Symphony in C
Steven Osborne (piano) & Cynthia Millar (ondes Martenot)
Bournemouth Symphony Orchestra
Reviewed by: David Truslove
Reviewed: 4 October, 2017
Venue: Lighthouse, Poole, Dorset, England
What an explosive start to the Bournemouth Symphony’s Orchestra’s new season, a remarkable programme too, from the élan of Bizet to the exotically-charged extravagance of Messiaen, French composers worlds apart yet these respective works exhibit uninhibited joy.
Under Kirill Karabits’s clear direction the exuberance of Bizet’s youthful Symphony in C shone through in spades. It was written when he was seventeen, in 1855, but not known about until 1933, and from the opening bars the BSO delivered crisp phrases, brimming with vitality and playfulness, confirming the work as no mere trifle. To the doleful main theme of the Adagio oboist Edward Kay brought considerable eloquence while violins soared to convey azure skies and romantic allure. More could have been made of the Scherzo’s rusticity and innocent charm, but it was carried off with commendable ease, and equally polished was the scintillating Finale in which scampering strings dazzled with light-as-air passages, its ‘Tom and Gerry’ mania dispatched gleefully with not a misplaced semiquaver to be heard.
This outing for Messiaen’s Turangalîla marked Karabits’s debut with it and he and the BSO bestrode its challenges with complete assurance in the company of Steven Osborne and Cynthia Millar, both have a long association with the work.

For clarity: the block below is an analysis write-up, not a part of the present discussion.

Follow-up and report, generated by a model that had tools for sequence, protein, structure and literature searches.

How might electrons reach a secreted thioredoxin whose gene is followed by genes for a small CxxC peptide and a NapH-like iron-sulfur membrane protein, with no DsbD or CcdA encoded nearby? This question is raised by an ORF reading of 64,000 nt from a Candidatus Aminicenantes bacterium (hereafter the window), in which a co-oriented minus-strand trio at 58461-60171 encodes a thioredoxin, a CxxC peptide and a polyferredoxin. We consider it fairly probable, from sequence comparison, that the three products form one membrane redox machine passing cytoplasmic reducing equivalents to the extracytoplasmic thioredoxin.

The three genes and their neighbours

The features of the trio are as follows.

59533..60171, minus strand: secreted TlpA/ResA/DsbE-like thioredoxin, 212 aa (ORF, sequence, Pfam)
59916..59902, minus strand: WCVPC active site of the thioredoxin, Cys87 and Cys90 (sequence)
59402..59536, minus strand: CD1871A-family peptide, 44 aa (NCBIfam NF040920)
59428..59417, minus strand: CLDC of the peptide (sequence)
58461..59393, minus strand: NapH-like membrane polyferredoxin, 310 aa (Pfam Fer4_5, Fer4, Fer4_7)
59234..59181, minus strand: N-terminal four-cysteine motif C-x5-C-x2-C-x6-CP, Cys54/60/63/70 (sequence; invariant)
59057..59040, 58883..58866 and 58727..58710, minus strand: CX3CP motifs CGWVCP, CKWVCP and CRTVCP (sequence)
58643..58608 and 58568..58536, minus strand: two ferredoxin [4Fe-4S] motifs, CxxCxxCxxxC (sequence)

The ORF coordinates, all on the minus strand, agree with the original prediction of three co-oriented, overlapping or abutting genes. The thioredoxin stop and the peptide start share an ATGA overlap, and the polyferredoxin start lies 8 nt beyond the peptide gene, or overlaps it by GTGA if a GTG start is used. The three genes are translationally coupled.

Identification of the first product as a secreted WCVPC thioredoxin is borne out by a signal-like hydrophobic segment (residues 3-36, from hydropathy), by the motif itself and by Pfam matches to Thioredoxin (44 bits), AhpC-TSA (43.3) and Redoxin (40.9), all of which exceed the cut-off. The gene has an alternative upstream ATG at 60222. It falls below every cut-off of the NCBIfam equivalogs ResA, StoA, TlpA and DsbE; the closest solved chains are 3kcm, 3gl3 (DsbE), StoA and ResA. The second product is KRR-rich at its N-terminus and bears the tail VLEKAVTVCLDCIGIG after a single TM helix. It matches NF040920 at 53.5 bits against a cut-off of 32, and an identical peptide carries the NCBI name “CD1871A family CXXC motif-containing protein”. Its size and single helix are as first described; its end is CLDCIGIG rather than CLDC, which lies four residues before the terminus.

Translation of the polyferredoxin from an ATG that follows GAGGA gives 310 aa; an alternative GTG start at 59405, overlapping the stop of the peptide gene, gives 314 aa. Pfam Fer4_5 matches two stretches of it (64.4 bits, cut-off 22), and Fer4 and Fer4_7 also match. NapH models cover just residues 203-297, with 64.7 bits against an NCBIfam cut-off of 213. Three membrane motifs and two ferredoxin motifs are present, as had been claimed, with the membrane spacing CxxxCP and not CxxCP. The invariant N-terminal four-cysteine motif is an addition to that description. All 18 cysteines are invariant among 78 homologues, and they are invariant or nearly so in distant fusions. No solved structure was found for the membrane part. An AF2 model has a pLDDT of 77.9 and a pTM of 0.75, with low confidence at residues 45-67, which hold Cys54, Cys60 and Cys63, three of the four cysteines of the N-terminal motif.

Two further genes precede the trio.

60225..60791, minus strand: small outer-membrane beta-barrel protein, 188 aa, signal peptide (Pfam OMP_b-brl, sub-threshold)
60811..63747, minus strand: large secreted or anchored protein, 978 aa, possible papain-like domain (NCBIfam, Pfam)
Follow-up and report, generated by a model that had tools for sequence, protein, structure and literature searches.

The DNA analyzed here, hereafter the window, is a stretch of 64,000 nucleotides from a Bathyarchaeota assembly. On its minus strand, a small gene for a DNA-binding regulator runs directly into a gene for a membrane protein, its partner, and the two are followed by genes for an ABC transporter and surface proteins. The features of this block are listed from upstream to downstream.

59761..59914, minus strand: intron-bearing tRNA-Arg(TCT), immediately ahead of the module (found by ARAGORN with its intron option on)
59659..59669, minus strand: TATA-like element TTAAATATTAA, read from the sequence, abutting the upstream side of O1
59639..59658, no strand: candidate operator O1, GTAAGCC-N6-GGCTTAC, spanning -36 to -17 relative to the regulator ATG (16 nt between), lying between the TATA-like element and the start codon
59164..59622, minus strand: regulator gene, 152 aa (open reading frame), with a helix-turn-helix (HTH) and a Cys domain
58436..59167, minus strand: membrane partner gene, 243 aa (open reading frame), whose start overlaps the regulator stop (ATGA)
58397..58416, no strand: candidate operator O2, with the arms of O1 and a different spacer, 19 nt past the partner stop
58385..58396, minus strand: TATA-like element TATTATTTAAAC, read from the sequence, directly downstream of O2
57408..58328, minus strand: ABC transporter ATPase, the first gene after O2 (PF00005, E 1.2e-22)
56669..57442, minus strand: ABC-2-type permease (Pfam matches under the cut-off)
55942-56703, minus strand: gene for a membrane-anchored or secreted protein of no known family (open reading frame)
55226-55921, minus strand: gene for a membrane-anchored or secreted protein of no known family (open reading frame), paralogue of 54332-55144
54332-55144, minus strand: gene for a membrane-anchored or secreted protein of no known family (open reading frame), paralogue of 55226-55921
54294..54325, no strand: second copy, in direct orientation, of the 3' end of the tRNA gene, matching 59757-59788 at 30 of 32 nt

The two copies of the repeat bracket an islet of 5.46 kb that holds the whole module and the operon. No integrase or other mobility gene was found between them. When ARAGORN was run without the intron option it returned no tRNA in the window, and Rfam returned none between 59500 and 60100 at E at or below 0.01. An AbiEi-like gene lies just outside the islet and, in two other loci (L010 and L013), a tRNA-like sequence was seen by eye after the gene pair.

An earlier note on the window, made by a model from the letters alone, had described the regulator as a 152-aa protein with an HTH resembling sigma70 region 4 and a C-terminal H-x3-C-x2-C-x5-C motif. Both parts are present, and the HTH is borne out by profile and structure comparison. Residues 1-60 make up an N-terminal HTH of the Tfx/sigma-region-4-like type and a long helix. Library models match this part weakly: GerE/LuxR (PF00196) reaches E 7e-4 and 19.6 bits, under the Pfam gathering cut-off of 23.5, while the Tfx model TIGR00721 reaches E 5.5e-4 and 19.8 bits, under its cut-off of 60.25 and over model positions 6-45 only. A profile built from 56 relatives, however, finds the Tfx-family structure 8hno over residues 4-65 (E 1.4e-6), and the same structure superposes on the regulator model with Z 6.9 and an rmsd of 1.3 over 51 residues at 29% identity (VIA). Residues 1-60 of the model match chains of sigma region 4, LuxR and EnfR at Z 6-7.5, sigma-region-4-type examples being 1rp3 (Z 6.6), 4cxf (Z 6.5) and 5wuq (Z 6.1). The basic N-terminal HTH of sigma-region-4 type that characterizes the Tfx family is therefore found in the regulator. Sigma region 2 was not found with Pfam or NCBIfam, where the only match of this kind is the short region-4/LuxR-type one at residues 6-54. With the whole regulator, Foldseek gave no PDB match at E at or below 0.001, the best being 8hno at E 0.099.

In a performance lasting just over eighty minutes Karabits made a strong case for Turangalîla’s symphonic appellation, structural integrity a guiding principle, the ten movements superbly paced, Karabits giving the players ample opportunity to make their mark; clarity of articulation and technical assurance were outstanding, but the higher reaches of the ondes Martenot – the electronic instrument that creates voluptuous and unearthly timbres – penetrated the orchestra to ear-clasping effect. In the evocative sections Millar was a soothing presence amid ravishing strings and Osborne’s crystalline bird-calls.
Amongst other memorable moments was the delicate jazz combo of ‘Chant d’amour 2’, startling for its funky piccolo and bassoon duet (with accompanying vibraphone and suspended cymbal) and the searing luminosity of solo strings playing with perfect precision and intensity. Equally intense was the physicality of Osborne’s contribution in ‘Turangalîla 2’, taking a scythe to the notes and dashing them off with faultless technique. This was a blazing account, in which Karabits and Co captured Messiaen’s life-affirming vision with extraordinary finesse and dedication.